The University of Alberta has formed a partnership with one of the leading technology institutes in India that could significantly influence India–Canada relations. The three-year agreement with the Indian Institute of Technology–Bombay would see students and faculty from both institutions working together on health and energy issues, a statement issued by UA’s office of Public Affairs said.
“There’s the possibility of our positioning this relationship as one important cog in the wheel of India–Canada relations, both in industry and government. And we will investigate all possibilities,” said professor Pradipta Banerji, former dean of international relations at IIT–Bombay, who was in Edmonton in June to finalize the agreement.
Indira Samarasekera, University of Alberta president, said partnering with IIT-Bombay is consistent with the university’s mission to connect with the world
Banerji said IIT-Bombay intends to make the best of the partnership for students and faculty at both institutions and that this is the first time that IIT-Bombay has invested money in a memorandum of understanding.
“We saw a lot of value in the U of A, including its National Institute for Nanotechnology. We picked the U of A because our faculty thought it was a no-brainer: the U of A is well known, is highly ranked and there have been some great discoveries here. What we’re hoping to do is make this agreement go on for 30 years on its own steam,” Banerji said.
We saw a lot of value in the U of A, including its National Institute for Nanotechnology. We picked the U of A because our faculty thought it was a no-brainer: the U of A is well known, is highly ranked and there have been some great discoveries here
The agreement will enhance existing relationships between individual engineering and science faculties from both institutions. Students and researchers from the U of A will also be able to travel and work in India and their counterparts will come to Edmonton. Indira Samarasekera, U of A president, said partnering with IIT-Bombay is consistent with the university’s mission to connect with the world.
“We understand the importance of working collaboratively with other leaders in finding solutions that will make a meaningful difference in our global community,” Samarasekera said. Health and energy issues, for example, present challenges that require the sort of co-operative opportunities this agreement with IIT-Bombay will provide our students and faculty who are working steadfastly to find solutions that will impact the far corners of the world.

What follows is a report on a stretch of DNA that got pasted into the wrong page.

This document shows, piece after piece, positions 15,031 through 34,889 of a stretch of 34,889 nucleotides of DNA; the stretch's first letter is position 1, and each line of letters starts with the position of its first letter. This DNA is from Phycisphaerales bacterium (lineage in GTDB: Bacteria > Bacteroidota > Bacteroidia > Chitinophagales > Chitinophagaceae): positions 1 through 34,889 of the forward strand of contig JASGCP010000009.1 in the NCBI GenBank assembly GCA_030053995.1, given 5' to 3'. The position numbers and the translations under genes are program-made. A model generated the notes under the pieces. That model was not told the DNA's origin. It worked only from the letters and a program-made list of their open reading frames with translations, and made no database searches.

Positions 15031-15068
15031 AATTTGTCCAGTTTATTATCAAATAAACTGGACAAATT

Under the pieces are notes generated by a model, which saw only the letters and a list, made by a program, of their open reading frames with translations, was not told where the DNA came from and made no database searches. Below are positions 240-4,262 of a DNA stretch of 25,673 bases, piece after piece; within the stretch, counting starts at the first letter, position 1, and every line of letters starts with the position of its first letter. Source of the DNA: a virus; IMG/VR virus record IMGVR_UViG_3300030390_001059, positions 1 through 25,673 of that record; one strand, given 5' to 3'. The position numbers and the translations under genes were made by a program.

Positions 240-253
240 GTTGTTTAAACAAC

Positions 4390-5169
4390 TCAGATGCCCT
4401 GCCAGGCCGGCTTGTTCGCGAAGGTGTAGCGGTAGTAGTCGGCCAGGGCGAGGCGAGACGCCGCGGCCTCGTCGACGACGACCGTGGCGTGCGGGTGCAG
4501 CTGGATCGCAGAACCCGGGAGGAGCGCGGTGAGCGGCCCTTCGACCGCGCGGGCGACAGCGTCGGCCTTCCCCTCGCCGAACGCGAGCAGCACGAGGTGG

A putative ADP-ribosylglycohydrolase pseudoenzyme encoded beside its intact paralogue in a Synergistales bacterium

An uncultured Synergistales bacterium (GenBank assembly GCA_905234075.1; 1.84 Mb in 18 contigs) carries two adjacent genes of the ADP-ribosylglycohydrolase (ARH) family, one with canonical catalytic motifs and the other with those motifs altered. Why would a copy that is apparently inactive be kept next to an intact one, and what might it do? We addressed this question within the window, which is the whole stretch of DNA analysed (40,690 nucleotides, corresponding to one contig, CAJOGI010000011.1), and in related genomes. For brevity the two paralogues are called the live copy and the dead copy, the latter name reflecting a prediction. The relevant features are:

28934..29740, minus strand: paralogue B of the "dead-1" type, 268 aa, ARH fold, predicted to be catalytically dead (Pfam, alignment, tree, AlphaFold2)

“Our partnership with IIT-Bombay also illustrates our commitment to serve Alberta and the country, as it makes it possible for our researchers to travel and work directly with their counterparts in India through summer school programs, joint research initiatives and our new distinguished U of A–IIT-B Professorship in Nanotechnology/Energy exchange program,” she said.
Currently, IIT-Bombay is ranked 36th by Times Higher Education–QS World University Rankings among engineering and IT universities, and produces about 20 per cent of India’s PhD graduates. The U of A is in similar company, ranking 74th overall, 45th in lifesciences and biomedicine, and 46th in engineering and information technology.
“This really is an opportunity for two ranking institutions to complement our recognized accomplishments and also, perhaps more importantly, use our collective strengths to work together to help prepare our world for the coming centuries,” Samarasekera said. Banerji said IIT-Bombay has “one of the world’s best nanofabrication facilities in the world. We have the ability to fabricate nine-inch wafers, which does not exist in any other educational facility in the world.
“One of the things that we see is NINT at the University of Alberta and IIT–Bombay’s facilities synergizing to do something fantastic,” he said. Banerji said the collaborative opportunities on health could include everything from nanobiosensors, used for sensing infectious diseases, to drug delivery systems and non-infectious diseases.
“India has one of the largest populations, which is going to be affected by both Type 1 and 2 diabetes. So just to be able to sense this before it becomes a health problem is an issue of vital importance,” said Banerji. “If we come up together with solutions that make a difference, then this U of A and IIT-Bombay agreement becomes something that’s a beacon for others.”
The University of Alberta in Edmonton is one of the top 100 teaching and research universities in the world serving some 37,000 students with more than 13,000 faculty and staff. Founded a century ago, the university has an annual budget in excess of $1 billion and attracts more than $480 million in external research funding. It offers close to 400 undergraduate, graduate and professional programs in 18 faculties.